Title of host publicationBridging Heterogeneous and Homogeneous Catalysis: Concepts, Strategies, and Applications
PublisherWiley Blackwell
Pages553-606
Number of pages54
ISBN (Electronic)9783527675906
ISBN (Print)9783527335831
DOIs
Publication statusPublished - 9 Jun 2014
Externally publishedYes

Fingerprint

Carbon Monoxide
Hydrocarbons
Kinetics
Methane
Catalysts
Exothermic reactions
Synthesis gas
Isotopes
Surface structure
Catalysis
Hydrogenation
Carbides
Ion exchange
Chemical activation
Particle size
Polymerization

Keywords

  • Fische-Tropsch catalysis
  • Mechanism
  • Microkinetics simulations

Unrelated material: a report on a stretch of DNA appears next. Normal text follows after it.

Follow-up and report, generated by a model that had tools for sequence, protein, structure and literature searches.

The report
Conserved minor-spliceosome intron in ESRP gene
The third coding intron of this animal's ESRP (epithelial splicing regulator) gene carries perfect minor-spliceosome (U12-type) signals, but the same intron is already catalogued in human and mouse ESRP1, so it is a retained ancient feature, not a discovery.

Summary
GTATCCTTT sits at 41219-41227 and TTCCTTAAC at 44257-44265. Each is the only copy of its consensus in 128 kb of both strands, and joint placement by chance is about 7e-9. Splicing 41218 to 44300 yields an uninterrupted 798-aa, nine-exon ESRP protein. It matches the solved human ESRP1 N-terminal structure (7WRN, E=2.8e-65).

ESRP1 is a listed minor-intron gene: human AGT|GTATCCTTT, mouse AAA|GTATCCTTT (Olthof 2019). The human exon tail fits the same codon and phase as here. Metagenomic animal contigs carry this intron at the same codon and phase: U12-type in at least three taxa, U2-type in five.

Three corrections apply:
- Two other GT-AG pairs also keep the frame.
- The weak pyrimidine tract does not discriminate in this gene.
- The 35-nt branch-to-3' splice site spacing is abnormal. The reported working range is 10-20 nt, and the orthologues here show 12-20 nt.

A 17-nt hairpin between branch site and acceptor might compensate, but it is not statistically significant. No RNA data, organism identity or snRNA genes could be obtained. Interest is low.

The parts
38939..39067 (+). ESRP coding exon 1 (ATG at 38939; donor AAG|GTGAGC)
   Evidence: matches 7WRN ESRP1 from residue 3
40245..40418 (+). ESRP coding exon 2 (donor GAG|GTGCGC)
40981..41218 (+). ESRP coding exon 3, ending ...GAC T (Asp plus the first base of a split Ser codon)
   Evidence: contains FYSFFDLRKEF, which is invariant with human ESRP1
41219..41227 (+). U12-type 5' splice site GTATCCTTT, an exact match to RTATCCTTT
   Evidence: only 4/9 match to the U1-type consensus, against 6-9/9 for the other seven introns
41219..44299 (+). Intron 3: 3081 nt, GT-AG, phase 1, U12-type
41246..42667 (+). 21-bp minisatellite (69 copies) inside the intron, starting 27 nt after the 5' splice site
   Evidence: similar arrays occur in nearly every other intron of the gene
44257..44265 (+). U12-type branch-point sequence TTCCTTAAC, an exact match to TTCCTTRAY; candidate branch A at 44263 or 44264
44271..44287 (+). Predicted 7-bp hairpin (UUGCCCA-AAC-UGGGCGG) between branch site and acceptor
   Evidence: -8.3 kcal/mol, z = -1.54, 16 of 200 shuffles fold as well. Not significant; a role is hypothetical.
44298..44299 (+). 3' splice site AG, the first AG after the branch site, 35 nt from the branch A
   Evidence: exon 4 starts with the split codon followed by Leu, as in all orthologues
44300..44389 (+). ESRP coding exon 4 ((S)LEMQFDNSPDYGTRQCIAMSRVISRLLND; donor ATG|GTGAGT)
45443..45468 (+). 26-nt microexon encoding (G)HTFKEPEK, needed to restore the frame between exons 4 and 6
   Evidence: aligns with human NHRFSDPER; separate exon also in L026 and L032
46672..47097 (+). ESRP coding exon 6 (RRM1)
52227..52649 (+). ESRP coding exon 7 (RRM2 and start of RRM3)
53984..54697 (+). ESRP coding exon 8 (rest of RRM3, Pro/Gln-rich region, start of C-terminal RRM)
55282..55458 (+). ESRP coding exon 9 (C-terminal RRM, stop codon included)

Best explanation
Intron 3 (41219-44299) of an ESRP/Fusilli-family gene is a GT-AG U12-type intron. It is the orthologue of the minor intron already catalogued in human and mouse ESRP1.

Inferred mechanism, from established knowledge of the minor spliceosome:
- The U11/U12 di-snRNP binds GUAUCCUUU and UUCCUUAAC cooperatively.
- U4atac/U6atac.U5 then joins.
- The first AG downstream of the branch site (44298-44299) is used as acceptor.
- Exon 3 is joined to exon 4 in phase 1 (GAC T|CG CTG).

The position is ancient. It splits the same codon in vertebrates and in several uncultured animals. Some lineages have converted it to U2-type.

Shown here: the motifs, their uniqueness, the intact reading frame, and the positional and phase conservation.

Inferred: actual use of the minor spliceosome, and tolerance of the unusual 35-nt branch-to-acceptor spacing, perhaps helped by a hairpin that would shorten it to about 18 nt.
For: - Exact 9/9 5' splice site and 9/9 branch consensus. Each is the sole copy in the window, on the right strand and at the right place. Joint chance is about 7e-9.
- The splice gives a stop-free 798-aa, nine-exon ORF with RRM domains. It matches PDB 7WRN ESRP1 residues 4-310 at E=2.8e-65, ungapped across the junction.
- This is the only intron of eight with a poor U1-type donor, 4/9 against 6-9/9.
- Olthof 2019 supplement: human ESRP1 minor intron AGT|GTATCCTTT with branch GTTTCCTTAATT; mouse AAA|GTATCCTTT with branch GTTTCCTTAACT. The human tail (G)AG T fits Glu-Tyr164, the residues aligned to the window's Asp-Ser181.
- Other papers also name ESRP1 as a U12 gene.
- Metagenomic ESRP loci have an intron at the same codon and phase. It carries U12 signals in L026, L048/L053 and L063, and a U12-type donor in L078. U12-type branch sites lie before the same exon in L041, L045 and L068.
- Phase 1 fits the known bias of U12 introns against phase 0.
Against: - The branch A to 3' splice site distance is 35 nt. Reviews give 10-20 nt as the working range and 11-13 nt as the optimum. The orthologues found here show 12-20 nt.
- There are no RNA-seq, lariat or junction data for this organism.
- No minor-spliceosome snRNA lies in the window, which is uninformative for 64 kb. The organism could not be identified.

• Reactivity trends

ASJC Scopus subject areas

  • Engineering(all)
  • Materials Science(all)

Cite this

Van Santen, R. A., Ghouri, M., Markvoort, A. J., & Hensen, E. J. M. (2014). The Molecular Kinetics of the Fischer-Tropsch Reaction. In Bridging Heterogeneous and Homogeneous Catalysis: Concepts, Strategies, and Applications (pp. 553-606). Wiley Blackwell. https://doi.org/10.1002/9783527675906.ch16

The Molecular Kinetics of the Fischer-Tropsch Reaction. / Van Santen, Rutger A.; Ghouri, Minhaj; Markvoort, Albert J.; Hensen, Emiel J M.

Bridging Heterogeneous and Homogeneous Catalysis: Concepts, Strategies, and Applications. Wiley Blackwell, 2014. p. 553-606.

Research output: Chapter in Book/Report/Conference proceedingChapter

Van Santen, RA, Ghouri, M, Markvoort, AJ & Hensen, EJM 2014, The Molecular Kinetics of the Fischer-Tropsch Reaction. in Bridging Heterogeneous and Homogeneous Catalysis: Concepts, Strategies, and Applications. Wiley Blackwell, pp. 553-606. https://doi.org/10.1002/9783527675906.ch16